Business news from the Fredericksburg region.
Mobile groomers are going to the dogs
IT’S THE THIRD stop of the day for a new mobile dog grooming service, and Oliver, a bright-eyed Shih Tzu, is standing on one of its grooming tables.
Sarah Drouin, a nationally certified groomer, scissors his silky brown and white fur close to his torso to make him appear slimmer, but leaves the leg hair fuller so his slightly “easty–westy” pointing feet look straight.
“Grooming is not only maintenance, but trying to make the dog look its best,” she says.
She and owner Kelley Wagnon, a nationally certified master groomer, began operating Wednesday out of a specially modified white E–450 Ford truck emblazoned with the name Wag On Mobile Grooming, a playful take on Wagnon’s name and business.
The truck also serves as a mobile ad since it includes the company’s phone number, 540/848-6545, and
Web address, WagOnMobile Grooming.com. It’s already attracted new customers in addition to those like Cindy Carpenter of Stafford County, who’s had Wagnon and Drouin groom Oliver and Enzo, her older Shih Tzu, at a local salon for years.
“They’re great with the dogs,” Carpenter said. “They cut them really well, and the dogs love them.”
She said that having the groomers come to her house meant that she didn’t have to face the county’s busy traffic and she could get things done at home while the truck was parked in her driveway.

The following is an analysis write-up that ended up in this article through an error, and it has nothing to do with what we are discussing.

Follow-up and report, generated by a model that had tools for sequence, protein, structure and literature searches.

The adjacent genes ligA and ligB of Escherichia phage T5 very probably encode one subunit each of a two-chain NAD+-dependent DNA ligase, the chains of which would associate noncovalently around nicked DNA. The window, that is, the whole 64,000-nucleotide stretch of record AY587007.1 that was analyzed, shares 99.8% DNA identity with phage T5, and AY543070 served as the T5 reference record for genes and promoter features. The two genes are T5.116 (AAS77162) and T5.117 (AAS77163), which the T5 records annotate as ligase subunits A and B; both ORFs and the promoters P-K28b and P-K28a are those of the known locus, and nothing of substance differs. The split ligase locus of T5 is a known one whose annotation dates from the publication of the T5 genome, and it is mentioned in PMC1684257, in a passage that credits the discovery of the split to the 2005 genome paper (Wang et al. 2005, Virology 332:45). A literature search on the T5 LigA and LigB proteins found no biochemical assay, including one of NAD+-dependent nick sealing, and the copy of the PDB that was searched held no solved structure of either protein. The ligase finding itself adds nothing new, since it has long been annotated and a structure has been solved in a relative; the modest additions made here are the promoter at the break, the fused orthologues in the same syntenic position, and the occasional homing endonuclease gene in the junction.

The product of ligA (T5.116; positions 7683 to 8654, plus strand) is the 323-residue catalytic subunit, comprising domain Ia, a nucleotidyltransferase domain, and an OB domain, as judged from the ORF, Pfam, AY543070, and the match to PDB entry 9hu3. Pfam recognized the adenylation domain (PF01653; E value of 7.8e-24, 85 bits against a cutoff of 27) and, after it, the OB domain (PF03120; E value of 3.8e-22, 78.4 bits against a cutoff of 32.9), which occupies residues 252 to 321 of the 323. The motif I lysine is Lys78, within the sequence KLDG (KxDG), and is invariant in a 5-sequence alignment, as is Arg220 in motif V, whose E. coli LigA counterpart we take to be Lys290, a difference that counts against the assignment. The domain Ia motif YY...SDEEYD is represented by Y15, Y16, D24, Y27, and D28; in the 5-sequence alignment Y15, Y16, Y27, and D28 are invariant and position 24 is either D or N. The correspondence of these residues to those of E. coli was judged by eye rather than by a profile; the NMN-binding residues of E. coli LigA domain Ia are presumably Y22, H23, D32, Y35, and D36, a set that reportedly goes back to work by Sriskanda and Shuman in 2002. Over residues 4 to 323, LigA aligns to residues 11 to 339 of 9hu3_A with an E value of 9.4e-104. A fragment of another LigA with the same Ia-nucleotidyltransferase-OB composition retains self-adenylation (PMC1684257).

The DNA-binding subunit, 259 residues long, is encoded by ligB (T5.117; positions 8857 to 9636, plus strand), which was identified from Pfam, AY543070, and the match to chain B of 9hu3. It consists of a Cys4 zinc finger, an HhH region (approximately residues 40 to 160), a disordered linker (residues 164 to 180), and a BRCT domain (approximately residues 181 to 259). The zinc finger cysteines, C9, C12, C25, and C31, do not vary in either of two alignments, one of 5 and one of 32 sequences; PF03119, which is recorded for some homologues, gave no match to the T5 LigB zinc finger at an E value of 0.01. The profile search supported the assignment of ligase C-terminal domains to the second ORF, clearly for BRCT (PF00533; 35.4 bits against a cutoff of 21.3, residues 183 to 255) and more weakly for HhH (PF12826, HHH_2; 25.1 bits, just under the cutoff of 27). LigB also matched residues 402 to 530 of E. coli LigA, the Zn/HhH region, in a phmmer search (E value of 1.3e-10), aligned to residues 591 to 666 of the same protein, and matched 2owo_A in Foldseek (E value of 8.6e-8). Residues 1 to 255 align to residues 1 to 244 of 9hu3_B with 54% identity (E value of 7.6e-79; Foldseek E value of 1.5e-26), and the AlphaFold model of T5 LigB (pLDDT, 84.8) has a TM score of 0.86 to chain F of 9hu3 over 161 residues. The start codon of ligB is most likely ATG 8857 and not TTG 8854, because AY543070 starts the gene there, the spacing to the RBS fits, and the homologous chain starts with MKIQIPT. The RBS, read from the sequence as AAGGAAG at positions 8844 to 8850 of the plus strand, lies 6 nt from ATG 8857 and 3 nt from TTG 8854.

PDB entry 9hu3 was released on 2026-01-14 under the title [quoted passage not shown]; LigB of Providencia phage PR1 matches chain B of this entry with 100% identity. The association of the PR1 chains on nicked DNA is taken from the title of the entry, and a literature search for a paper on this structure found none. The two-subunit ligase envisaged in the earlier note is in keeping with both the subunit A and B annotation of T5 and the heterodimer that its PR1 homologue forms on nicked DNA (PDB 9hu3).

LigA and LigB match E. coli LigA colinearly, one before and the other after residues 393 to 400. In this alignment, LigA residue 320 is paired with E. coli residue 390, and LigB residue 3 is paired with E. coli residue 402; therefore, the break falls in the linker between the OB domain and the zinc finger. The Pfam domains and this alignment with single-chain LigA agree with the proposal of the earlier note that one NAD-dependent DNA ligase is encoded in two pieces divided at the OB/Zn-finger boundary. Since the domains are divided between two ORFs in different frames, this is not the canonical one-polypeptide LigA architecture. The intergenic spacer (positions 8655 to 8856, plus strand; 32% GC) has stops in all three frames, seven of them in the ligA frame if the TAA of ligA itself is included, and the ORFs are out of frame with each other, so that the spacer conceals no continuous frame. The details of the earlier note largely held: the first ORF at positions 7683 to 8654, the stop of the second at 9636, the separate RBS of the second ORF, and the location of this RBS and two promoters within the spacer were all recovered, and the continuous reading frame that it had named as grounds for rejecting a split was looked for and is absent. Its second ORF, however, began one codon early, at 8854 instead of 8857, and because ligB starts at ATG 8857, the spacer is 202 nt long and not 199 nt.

Wagnon and Drouin, both 25, used to work at Gone to the Dogs Pet Salon on Garrisonville Road. When the ownership changed, they decided to venture out on their own.
“It inspired us to get our own thing going,” Wagnon said. “I had worked there seven years and Sarah had been there a year or so.”
Wagnon said they decided to go the mobile route, something a handful of other area groomers have chosen, because it would be convenient for their customers and less stressful for the dogs.
“They don’t have to hear other dogs barking, there’s no car ride, which some dogs hate, and they can go right home,” Drouin said.
Wagnon bought Wag On Mobile Grooming’s truck from Wag’n Tails, an Indiana company specializing in mobile pet grooming conversions. Inside is a stainless steel bathtub with running water, two grooming tables, a high-velocity dryer with a retractable hose, even a fridge, microwave and bathroom.
“It has all the space that I need,” she said.
Having her own business also means that she and Drouin can arrange their schedules so they’ll have time to attend seminars on dog grooming and compete in grooming shows, sometimes using clients’ dogs.
Both women are certified by the National Dog Groomers Association of America, which has offered continuing educational workshops and certification testing since 1988. They’ve learned the correct look for standard breeds, but can modify them according to a client’s wishes.
“Just because you have a national certification doesn’t mean you can stop there,” Drouin said. “Techniques and styles,” Wagnon added, “are always changing.”
The two are bonded and can groom dogs when owners aren’t home. But they aren’t licensed, because Virginia, like many states, does not require this for groomers. Anyone, they said, can call himself a groomer.
Wagnon and Drouin currently will drive the mobile van to customers in Fredericksburg and the counties
of Stafford and Spotsylvania. Prices start at $65, but depend on the size of the dog and what the owner wants.
“I enjoy grooming,” said Drouin. “You get to watch this dog go from nothing to a million bucks—and you did it. You can see it right there.”
Cathy Jett: 540/374-5407